According to 2015 research from SHRM, less than one percent of employers offer an Unlimited Vacation policy. So, I guess our company is now in the minority.
We recently transitioned from a traditional vacation policy to an Unlimited Vacation policy that pays employees $500 to take vacation.
Why make the switch? Here’s five solid reasons.
Unlimited Vacation Aligns With Our Culture
Trust is at the core of our company. Clients trust us to get them marketing results, and as an employer, we give employees enough freedom to get those results in the way they best see fit.
If we can’t trust you with unlimited vacation, then we can’t trust you to do your job. Extending an Unlimited Vacation benefit to employees was an extension of the message, “Hey, we trust you.”
Improve Employee Retention
One day an employee came to me and told me, “Brett, our vacation policy sucks.”
Our old vacation policy was copied and pasted from another friend’s company in the industry. Clearly, our culture and employees were rejecting this policy as a foreign object. Something needed to change.
Introducing Unlimited Vacation reinforces the feeling of freedom within a workplace. That helps in the short and long-term with retention.
At the very least, we’ll now have a “pre” and “post” employee retention rate to evaluate after implementing Unlimited Vacation.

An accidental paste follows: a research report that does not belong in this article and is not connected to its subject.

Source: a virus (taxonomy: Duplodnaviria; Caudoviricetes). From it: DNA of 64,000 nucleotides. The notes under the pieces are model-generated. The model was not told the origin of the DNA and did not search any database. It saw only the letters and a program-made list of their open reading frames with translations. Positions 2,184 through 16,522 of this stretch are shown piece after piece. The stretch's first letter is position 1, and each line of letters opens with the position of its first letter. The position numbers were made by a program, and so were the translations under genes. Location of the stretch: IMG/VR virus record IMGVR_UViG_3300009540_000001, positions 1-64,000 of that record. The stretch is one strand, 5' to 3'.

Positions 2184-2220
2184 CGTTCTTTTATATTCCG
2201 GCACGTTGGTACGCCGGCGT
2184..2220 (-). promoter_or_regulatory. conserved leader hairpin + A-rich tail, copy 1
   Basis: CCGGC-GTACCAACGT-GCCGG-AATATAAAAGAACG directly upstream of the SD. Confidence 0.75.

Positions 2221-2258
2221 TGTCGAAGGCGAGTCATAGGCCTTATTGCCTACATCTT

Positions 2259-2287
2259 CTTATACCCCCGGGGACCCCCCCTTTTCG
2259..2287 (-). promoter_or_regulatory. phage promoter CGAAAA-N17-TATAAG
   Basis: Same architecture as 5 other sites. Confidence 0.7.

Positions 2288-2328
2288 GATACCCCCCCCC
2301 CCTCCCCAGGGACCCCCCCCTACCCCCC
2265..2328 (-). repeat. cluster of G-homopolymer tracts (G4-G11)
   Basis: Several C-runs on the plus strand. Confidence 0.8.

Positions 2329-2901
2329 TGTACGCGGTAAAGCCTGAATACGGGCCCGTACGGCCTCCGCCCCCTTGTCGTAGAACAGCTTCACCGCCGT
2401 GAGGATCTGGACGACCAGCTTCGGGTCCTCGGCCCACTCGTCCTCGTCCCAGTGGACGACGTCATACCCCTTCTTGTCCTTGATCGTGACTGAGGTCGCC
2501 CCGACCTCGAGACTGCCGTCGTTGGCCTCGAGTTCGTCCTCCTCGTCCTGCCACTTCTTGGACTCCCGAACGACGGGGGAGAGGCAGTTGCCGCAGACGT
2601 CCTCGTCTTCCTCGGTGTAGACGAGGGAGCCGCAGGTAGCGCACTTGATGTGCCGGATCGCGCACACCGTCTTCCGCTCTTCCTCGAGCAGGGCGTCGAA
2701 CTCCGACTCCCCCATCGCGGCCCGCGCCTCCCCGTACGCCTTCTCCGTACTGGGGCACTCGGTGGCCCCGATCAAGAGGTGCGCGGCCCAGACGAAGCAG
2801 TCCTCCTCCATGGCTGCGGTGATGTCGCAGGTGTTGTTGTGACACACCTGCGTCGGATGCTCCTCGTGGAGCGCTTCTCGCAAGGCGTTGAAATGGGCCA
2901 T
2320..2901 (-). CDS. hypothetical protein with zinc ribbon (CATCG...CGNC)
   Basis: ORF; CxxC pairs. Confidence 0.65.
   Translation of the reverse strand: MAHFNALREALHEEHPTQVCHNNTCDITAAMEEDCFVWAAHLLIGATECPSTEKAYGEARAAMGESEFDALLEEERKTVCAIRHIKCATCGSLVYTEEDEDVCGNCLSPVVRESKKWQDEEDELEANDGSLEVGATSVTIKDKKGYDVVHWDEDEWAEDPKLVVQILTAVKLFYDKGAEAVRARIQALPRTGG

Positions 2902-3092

Strengthen Recruiting Efforts
There’s two ways Unlimited Vacation helps with recruiting. First, the benefit helps attract candidates and improve the acceptance rate for employment offers.
You can see a candidate’s eyes light up when you tell them that we offer Unlimited Vacation – and that we pay you $500 to take vacation. It’s a benefit that helps differentiate us from other employers and communicates what type of environment our company enjoys – one of trust and freedom.
On the flip side, offering Unlimited Vacation is a real gut check when interviewing candidates. My interviewing mindset has now shifted to, “Can I trust this person with Unlimited Vacation?” That question has introduced a whole new level of selectiveness within our hiring process.
As CEO of a company with 12 employees, I found myself spending an hour per month tallying up vacation requests, vacation time taken, and calculating the accuracy of accrued vacation balances. I rather spend that time helping grow our company.
We still track vacation days taken to ensure that the minimum amount of time is taken by each employee. But, lifting the burden of carrying over accrued vacation balances helps me sleep a little better each night.
Values Based Benefits
Each benefit we offer at our company must align with one of our core values. Unlimited Vacation aligns very nicely with our value, “You Are Unique.”
Previously we offered a paid day off on your birthday and a traditional vacation package to help celebrate your “uniqueness.” Now, it’s unlimited.
We’ll see how it all works out, but feels right for now.
Originally posted on Markitors blog.